Good marketing professionals relentlessly pursue a deeper understanding of their target market. In the office, at lunch, making dinner, and even in the shower, great marketers are constantly attempting to eek out a better understanding of the people who will be buying their products.
However, staying ahead of the ever-changing attitudes and behaviors of the modern market can seem impossible at times. Sometimes, the best strategies are revealed through going back to the fundamentals. Keeping up with trends provides a temporary boost, but a deeper understanding of the principles behind those trends can be enduring.
Marketing's Two Headed Monster
Great marketers know how to promote a product and sell a brand. And, even more importantly, they understand the difference between the two. As branding writer and entrepreneur Scott Goodson explains in Forbes,
“Brands are psychology and science brought together as a promise mark as opposed to a trademark. Products have life cycles. Brands outlive products. Brands convey a uniform quality, credibility and experience. Brands are valuable.”
Products DO something for our customers. They have a specific functionality. A brand offers something more nebulous — an emotional connection, a promise, a lifestyle signifier. Most of the time, people fall in love with brands, not products.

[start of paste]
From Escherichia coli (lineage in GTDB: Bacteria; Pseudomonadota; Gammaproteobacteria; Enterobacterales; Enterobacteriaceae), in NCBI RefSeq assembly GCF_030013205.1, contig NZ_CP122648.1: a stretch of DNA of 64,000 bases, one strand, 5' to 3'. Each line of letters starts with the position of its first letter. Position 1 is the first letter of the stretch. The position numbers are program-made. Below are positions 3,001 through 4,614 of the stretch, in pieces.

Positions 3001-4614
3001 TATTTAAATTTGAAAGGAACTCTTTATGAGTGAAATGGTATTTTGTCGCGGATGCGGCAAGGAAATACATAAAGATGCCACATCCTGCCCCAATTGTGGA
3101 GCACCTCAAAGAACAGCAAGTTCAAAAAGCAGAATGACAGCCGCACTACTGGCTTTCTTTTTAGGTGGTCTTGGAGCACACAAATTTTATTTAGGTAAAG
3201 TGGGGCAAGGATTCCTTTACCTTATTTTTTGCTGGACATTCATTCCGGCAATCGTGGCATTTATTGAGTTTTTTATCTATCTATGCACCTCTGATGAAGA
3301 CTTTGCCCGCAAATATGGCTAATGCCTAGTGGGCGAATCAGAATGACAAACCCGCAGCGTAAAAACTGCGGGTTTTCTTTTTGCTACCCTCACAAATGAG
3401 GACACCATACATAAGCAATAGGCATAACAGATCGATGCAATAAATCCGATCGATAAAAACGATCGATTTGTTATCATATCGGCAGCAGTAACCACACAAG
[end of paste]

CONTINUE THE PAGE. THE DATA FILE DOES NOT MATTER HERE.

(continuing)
Since there is clearly a difference in a brand and a product, why do we attempt to market them collectively to our customers? Shouldn't we be targeting customers from both a product perspective and a brand perspective?
We should. Jim Joseph, a marketing agency president, explains why in a recent article for Entrepreneur.
“Marketing is a never-ending job to just keep up with your customers… because in this day of interactive, social marketing, you have to do both jobs [product & branding] to really understand and engage with your target market.”
The Product Perspective
Marketing a product is all about selling a solution to your customer's problems. Ideally, your product stems from a need you have identified in a particular market. If the product comes first, you must locate that need in the market to successfully sell it. As a result, marketing isn't just about locating an audience and selling hard. It is about locating a specific audience that has exhibited an inherent need for or interest in the product or service.
Great marketers find ways to capitalize on the demand for new products in specific markets. Your new product is much more likely to succeed if you market it to the people who need it the most. Think about it this way: 100% of effort applied to a proven niche is much better than 10% of effort applied to 10 different niches. Marketing strategically to a narrower segment of the population ensures you're not applying your time and money in place where your product cannot or will not sell. ?
Understanding and identifying who your target market is demographically is a great first step. Demographics includes all the facts about a targeted audience that make them an exceptional fit for a product or service. As Joseph explains in his article,